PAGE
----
Commuters urged to face away from other passengers and wear a mask

Face away from other passengers, wear a mask, avoid rush hour, and WASH YOUR HANDS on arrival: Government issues advice for train, bus and Tube commuters as back-to-work plans are ramped up

  • Government has issued guidance for people who can’t avoid public transport
  • Passengers should face away from each other if possible and wear masks
  • Ministers urging people to return to jobs in most sectors even if not from home 

The latest tranche of documents released this morning cover transport

Commuters have been urged to wear a mask and face away from each other as the government mounts a push to get more rail and bus services up and running.

People who must use public transport should avoid rush hour and make sure they wash their hands on arrival, according to new guidance. 

Paying for tickets using contactless methods, bringing tissues and hand sanitiser, and getting off at less busy stations are also recommended.  

Transport Secretary Grant Shapps said the advice would help keep travellers safe, as he renewed his call for people to walk and cycle to work where possible.

The latest tranche of documents released this morning come after Boris Johnson unveiled his ‘exit strategy’.

Everyone in sectors that have not been closed down is now being urged to resume their jobs, even if they cannot work from home.

Commuters on the Tube at Canning Town in London today as the government urges people to return to work where possible

Transport Secretary Grant Shapps (pictured in Downing Street at the weekend) said the new advice would help keep travellers safe, as he renewed his call for people to walk and cycle to work where possible

Detailed guidelines were issued last night for businesses to find ways of protecting workers by maintaining social distancing, or taking other steps such as installing screens. 

The transport advice published today stated: ‘You should avoid using public transport where possible. 

‘Instead try to walk, cycle, or drive. If you do travel, thinking carefully about the times, routes and ways you travel will mean we will all have more space to stay safe.’ 

Those who do need to use public transport are told to take ‘contactless payment card or pass’, a phone, hand sanitiser, tissues and a face covering. 

‘Taking a less busy route and reducing the number of changes (for example between bus and train) will help you keep your distance from others,’ the guidance said.

‘Try to start or end your journey using a station or mode of transport you know to be quieter or more direct. For instance, walk the first or last mile of your journey, or alight at an earlier station, where this is possible. 

Where it is not possible to keep two metres away from fellow passengers and staff ‘you should keep the time you spend nears others as short as possible and avoid physical contact’.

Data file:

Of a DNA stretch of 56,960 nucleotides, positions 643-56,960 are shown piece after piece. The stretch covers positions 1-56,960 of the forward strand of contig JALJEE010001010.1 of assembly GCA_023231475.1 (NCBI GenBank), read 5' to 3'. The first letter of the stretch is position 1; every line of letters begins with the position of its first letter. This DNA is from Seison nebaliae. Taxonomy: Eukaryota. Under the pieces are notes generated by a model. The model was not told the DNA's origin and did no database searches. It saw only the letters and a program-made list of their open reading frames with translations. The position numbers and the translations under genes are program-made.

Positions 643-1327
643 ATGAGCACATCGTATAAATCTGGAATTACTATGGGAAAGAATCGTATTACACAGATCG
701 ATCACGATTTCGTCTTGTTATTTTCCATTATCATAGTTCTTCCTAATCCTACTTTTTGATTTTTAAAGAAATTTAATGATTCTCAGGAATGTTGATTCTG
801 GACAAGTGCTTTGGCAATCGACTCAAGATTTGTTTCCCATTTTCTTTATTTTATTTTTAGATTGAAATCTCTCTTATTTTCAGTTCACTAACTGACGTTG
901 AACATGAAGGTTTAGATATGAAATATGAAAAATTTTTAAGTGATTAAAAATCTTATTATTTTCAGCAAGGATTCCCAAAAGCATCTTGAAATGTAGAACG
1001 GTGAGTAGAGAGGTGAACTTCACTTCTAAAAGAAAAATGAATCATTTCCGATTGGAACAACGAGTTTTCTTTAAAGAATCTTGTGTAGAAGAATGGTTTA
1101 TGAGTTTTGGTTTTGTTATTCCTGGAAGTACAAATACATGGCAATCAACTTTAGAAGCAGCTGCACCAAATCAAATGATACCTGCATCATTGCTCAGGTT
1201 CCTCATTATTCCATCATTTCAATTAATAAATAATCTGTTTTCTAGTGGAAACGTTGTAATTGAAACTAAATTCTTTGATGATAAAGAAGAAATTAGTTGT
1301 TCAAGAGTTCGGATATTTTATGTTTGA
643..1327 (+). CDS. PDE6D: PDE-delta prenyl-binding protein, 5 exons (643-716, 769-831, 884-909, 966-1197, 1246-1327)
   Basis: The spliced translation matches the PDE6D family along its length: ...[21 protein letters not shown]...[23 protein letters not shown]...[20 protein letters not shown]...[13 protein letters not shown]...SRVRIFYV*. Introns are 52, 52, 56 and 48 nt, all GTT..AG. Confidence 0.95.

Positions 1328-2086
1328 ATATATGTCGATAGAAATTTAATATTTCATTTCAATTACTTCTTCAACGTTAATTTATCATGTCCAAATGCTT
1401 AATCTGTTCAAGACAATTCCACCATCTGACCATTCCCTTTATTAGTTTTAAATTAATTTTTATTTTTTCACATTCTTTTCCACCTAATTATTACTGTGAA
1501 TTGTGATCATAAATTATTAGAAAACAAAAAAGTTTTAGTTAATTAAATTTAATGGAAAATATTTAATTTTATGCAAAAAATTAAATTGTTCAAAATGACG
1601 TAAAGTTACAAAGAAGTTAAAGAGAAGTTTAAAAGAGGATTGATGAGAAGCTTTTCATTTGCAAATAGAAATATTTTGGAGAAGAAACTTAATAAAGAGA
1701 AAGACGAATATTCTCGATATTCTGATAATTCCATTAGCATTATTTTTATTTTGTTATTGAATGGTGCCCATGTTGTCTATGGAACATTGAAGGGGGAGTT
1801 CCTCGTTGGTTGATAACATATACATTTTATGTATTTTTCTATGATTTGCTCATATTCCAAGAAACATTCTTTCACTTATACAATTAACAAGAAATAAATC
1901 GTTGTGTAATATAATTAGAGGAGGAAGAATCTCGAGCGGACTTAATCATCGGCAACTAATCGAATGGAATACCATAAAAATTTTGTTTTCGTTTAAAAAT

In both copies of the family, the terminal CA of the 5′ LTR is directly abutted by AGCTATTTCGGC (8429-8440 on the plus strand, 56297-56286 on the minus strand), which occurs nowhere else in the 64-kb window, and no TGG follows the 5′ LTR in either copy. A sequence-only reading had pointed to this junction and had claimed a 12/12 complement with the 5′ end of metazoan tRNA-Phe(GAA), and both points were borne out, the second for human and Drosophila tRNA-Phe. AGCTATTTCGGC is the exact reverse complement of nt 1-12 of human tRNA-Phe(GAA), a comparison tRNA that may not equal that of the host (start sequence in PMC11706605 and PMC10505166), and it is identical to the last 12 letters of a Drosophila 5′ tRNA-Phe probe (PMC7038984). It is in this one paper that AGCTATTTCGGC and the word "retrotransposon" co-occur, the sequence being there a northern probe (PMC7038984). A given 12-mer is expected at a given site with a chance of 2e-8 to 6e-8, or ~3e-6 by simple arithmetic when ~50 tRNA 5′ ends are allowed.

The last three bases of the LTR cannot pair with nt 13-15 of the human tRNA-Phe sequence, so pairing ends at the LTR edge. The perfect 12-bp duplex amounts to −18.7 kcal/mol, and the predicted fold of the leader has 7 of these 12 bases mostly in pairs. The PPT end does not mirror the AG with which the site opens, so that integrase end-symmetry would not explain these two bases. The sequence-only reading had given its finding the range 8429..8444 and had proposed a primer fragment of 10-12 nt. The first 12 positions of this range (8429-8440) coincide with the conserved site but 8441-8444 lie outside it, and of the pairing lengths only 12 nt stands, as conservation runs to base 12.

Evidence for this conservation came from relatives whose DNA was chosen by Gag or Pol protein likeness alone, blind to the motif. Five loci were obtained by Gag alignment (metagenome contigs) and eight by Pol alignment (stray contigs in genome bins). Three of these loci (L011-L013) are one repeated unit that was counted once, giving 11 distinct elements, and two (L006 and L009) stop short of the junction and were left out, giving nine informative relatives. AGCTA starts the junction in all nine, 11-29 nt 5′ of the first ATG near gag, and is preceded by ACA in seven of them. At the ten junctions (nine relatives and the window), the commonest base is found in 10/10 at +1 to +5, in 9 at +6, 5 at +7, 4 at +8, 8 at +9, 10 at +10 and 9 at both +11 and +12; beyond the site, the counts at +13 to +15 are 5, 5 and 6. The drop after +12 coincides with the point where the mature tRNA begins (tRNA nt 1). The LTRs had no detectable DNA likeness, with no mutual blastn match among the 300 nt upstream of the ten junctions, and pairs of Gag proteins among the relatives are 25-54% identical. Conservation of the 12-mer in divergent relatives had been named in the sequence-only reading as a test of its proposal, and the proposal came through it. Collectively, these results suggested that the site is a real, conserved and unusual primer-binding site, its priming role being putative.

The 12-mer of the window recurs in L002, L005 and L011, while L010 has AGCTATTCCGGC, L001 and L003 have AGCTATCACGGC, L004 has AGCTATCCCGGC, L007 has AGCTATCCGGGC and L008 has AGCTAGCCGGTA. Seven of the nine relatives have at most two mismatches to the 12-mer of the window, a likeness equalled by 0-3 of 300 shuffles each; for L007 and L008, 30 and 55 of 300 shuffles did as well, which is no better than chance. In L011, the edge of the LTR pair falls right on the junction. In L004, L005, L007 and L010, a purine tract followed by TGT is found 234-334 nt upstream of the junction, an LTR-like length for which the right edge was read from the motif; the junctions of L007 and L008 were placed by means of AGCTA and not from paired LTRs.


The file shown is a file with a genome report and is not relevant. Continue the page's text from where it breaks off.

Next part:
‘There may be situations where you can’t keep a suitable distance from people, for example when boarding or alighting, on busier services, at busier times of day and when walking through interchanges,’ the guidance said.

‘In these cases you should avoid physical contact, try to face away from other people, and keep the time you spend near others as short as possible. If you can, wear a face covering on public transport.

‘Be aware of the surfaces you touch. Be careful not to touch your face. Cover your mouth and nose with a tissue or your elbow when coughing or sneezing.’

Mr Shapps said: ‘Transport operators and staff have been working hard to ensure that people who need to get to work are able to do so, including crucial NHS workers and all those on the frontline of the fight against the virus.

‘Alongside the cycling and walking revolution we are launching, and clear guidance to passengers and operators published today, we can all play our part by following the advice and reducing pressure on public transport.

A deserted Waterloo Station yesterday as people continue to avoid public transport where possible during the lockdown 

‘If we take these steps, all those who need to use public transport should feel confident that they can do so safely, with the space to maintain social distancing as far as possible.’

Guidance has also been updated for those driving to work. ‘If driving, you should anticipate more pedestrians and cyclists than usual, especially at peak times of day,’ it said. 

‘Allow other road users to maintain social distance, where possible. For example, give cyclists space at traffic lights. Public Health England recommends keeping a 2 metre distance from others, where possible.’

The documents insisted people should not linger at garages and motorway services. 

‘Limit the time you spend at garages, petrol stations and motorway services. Try to keep your distance from other people and if possible pay by contactless. Wash your hands for at least 20 seconds or sanitise your hands when arriving and leaving,’ it said.

‘If people from different households use a vehicle (for example through a car share scheme), you should clean it between journeys using gloves and standard cleaning products. 

‘Make sure you clean door handles, steering wheel and other areas that people may touch.’

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